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Thread: Big game scopes

  1. #1

    Default Big game scopes

    Just looking for some insight on an all around scope that does not require financing. I have always had leupolds and will probably by another.

  2. #2
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    Leupolds are always a great choice but if you are int he market for a 3x9 I would highly recommend the Zeiss. I think most online dealers carry them for $399.
    Tennessee

  3. #3
    Member BRWNBR's Avatar
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    Default

    i've seen alot of scopes as a guide and some will disagree, and i'm a firm beliver that everyones eyes see things a little different thru optics so its important to go with what works for you, but i'm a luey guy. i know they have a new line of scopes thats very affordable and still backed by their warrenty.

  4. #4
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    Smile Scope options

    Hey bud, I'm new to this forum. This is my very first response so take it easy on me. I own 2 Bushnell Elite 3200's. They are great! I live in a small town in Tennessee and use them on my rifles for deer hunting. They won't break the bank either! I just can't see spending more on a scope than what your rifle costs. My old tired eyes can't tell that big of a difference in those $1,300.00 scopes versus those $130.00 to $500.00 scopes anyway, so why should I pay that much for one? Just my 2 cents. Have a great day or evening or whatever it is up there in Alaska.

  5. #5

    Default Look at Bushnell

    Check out the Bushnell Elite 4200. It's about the same price as a Vari X III. I've shot Leupolds (thousands of rounds a year) for about 15 years. They can be very good. On my last two rifles, though, I've put Bushnell Elite 4200s. One great thing about the Elite 4200 is that it comes with Rainguard, a permanent proprietary coating which makes the rain/fog on your lenses bead up into microscopic particles. How many times have you accidentally exhaled on your scope? I've done it, and cussed out loud, about a zillion times. It's no big deal if you've got Rainguard on your scope. (And no, CatCrap or spit doesn't quite cut it for fog proofing!) And the Elite 4200 is just about indestructable. Rather than the aluminum tube on nearly all other scopes, the Elite 4200s have a one piece aluminum/titanium alloy tube that is much tougher. I love both of my Bushnells, and have taken them from Dillingham to Kotzebue. With the last scope I bought (for my .375 H&H), I took a hard look at a Zeiss Conquest, but opted for another Bushnell Elite 4200 because I love the Bushnell I put on my .308. If you're hunting in Alaska, you're going to be getting your scope wet or foggy or both. Good luck.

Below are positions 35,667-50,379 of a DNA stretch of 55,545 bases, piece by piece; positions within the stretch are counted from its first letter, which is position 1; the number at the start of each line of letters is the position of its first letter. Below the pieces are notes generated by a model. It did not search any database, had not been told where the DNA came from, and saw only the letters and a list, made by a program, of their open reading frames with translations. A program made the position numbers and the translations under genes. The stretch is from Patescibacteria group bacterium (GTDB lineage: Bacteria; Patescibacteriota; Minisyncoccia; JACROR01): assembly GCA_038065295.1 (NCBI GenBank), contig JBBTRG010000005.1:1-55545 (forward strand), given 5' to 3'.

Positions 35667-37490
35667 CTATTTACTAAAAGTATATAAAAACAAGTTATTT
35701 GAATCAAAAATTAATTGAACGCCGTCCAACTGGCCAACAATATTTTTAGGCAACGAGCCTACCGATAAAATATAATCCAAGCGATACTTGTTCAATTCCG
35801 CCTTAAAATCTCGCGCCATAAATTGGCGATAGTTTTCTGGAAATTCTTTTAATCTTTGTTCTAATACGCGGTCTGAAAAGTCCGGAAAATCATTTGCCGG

PS - don't let someone tell you to buy a Leupold because of their warranty. Do you want glass you can rely on, or glass that can get repaired easily? As you probably know, many folks are very passionate about their scopes and their brand loyalty!

  6. #6

    Default

    I have a Leupold and a Burris, both are 3x9-40. I know Leupold has the reputation as a great scope and it is but I picked up the Burris for $225 and it came with a pair of 8x32 glasses. I really think the Burris is just a little better in low light situations. They both are really sharp and crisp but for the money I would have to go with the Burris.

  7. #7

    Default Alaka scopes

    I have lived and hunted in Alaska since 1984. I have hunted in all weather and temperatures, and all over this state. I have yet to find a better scope for my .338 or .375 H&H Magmum rifles than my Leupold Vari-X II's. I bought a Vari-X III for one of my .280's, but the difference between it and my Vari-XII's or Burris scopes are not worth the expense. I have yet to have a Leupold or Burris scope fog on me in any weather or climate, or shift zero after dropped or from travel, as I have had happen with Bushnell, Simmons, Weaver and Redfield scopes. I have had buddy whose Bushnell Elite 4200 fogged to the point of useless on a brown bear hunt last year. Luckily, he had it on a gun with open sights, so his hunt wasn't ruined. With it's good reputation, we were shocked.